24 February 2017

Review - The Fatal Tree by Jake Arnott

The Fatal Tree
Jake Arnott
Sceptre, 23 February 2017
HB, 324pp

I'm grateful to the publisher for an advance copy of this book.

You need to take care if you visit Romeville, especially if you're a chub. Believe the patter from one of the canting-crew - cove or mort - and you may find you're just a cull. Watch out especially in darkmans. Maybe you're best staying in Daisyville after all...

This book transports the reader to the heart of 18th century London, the town of posture-molls and lully-prigs, a great roistering stink of a place fueled by gin where the flat and flash worlds coexist and everyone has secrets.

It's the story of Elizabeth Lyon, "Edgeworth Bess" and her lover, accomplice, betrayer, Jack Sheppard. Lyon is ruined by her master's daughter and cast off to make her living in the "academies" and "vaulting-schools" of the Hundred of Drury: Sheppard is a bored apprentice who takes to burglary and jailbreaking like a native. Lyon and Sheppard were real people: William Archer, aspiring journalist in Grub Street by day and client of Mother Clap's molly-house by night, was not but stands for a class of gay men condemned by the harsh (injustice) of the time. (Arnott names some of them in a postscript. Gabriel Lawrence. William Griffin. Thomas Wright.) The Triple Tree awaits, and many will dance the Tyburn jig by the end of this tale.

The whole scene is presided over by Jonathan Wild, thief-taker ("prig-napper") and thief-master, whose own fate is bound up with those of Lyon, Sheppard and Archer. He, also, was real: after his fall, Defoe wrote his life story.

Arnott packs an extraordinary amount into a relatively short book. There's the vigour and bite of a London ("Romeville") where everyone is, seemingly, on the make, not only the sharks in Exchange Alley who drive the South Sea Bubble or Wild himself but also a Lord Chancellor who's embezzling from the Treasury and escapes with a fine. The rich may get off with a light sentence but the poor receive no mercy (isn't that always true?) He also shows us the quest, among the coves and the morts, for instant fame, in a world where the scribes of Grub Street (former Grape Street, former Grope-c**t Lane) can tell a tale of jailbreak, ruin and repentence and gather enormous crowds to witness that final journey along what's now Oxford Street to the Tree.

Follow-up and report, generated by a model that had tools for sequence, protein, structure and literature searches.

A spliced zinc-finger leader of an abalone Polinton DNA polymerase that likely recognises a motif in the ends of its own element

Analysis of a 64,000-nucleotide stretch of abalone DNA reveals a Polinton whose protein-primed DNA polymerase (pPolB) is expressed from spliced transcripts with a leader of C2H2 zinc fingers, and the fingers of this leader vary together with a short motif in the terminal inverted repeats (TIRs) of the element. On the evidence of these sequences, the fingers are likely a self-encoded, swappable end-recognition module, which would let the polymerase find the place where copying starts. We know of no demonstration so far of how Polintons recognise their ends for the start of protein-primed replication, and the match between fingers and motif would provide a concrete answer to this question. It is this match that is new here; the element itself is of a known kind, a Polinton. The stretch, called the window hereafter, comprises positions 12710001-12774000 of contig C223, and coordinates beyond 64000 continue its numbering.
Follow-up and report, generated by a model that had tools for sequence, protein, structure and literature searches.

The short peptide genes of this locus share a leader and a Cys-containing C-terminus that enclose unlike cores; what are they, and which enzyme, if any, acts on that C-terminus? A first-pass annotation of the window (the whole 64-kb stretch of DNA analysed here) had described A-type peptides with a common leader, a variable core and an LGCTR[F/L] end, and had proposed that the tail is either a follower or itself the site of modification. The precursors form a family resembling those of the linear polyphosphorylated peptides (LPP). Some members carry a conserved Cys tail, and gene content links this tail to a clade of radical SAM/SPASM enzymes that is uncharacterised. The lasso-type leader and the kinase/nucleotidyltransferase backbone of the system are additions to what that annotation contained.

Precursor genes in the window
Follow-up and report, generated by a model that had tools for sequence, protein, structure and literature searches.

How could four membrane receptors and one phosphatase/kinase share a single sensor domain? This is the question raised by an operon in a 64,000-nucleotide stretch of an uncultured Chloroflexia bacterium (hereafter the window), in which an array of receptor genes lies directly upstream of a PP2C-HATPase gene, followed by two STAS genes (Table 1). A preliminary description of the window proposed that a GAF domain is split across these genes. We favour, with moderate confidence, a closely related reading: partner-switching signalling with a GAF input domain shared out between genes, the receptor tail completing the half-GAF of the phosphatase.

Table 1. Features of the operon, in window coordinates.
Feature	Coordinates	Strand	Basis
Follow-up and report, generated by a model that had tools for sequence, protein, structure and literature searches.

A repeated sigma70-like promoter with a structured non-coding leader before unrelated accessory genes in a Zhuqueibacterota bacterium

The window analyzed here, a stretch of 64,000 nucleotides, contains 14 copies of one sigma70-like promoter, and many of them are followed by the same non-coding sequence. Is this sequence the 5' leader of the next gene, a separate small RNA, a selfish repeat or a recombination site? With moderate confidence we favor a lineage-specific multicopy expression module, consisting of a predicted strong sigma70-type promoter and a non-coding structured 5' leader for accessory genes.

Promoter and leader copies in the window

At one point a young girl in jail confesses to Lyons that she wants to be like her, Like Edgeworth Bess: she wants fame and respect. She wants to be a celebrity. Three hundred years ago, there is a new, instant means to earn this, and plenty are up for it - as we realise from the very form of the novel, which is the entwined confessions of Lyon and Archer.

Never less than vivid, this was at times a slow read (I had to keep looking up the flash-talk in Arnott's helpful glossary, and perhaps at times it is a little rich in Lyons' sections of the story) but it really grew on me. Behind the swagger and bravado there is a deeper story here - a story of love and of heartbreak, of people meeting, falling for each other - parted. A sad story. (Isn't that always true?)

Through it all, some truths emerge, I think - about ambition, about corruption, above all about that great Wen, both devourer and playground of the young, London, whose character doesn't change, even if overlain for a time by the hypocrisy of a Wild or a Society for the Reformation of Manners. Bulldoze or bomb the streets, pour the concrete, the place remains a flash-ken and long may it be so.

A unique reading experience, not to be missed.

22 February 2017

Review - Kings of the Wyld by Nicholas Eames

Kings of the Wyld
Nicholas Eames
Orbit, 23 February 2017
PB, 494pp

I'm grateful to Nazia at Orbit for a review copy of this book.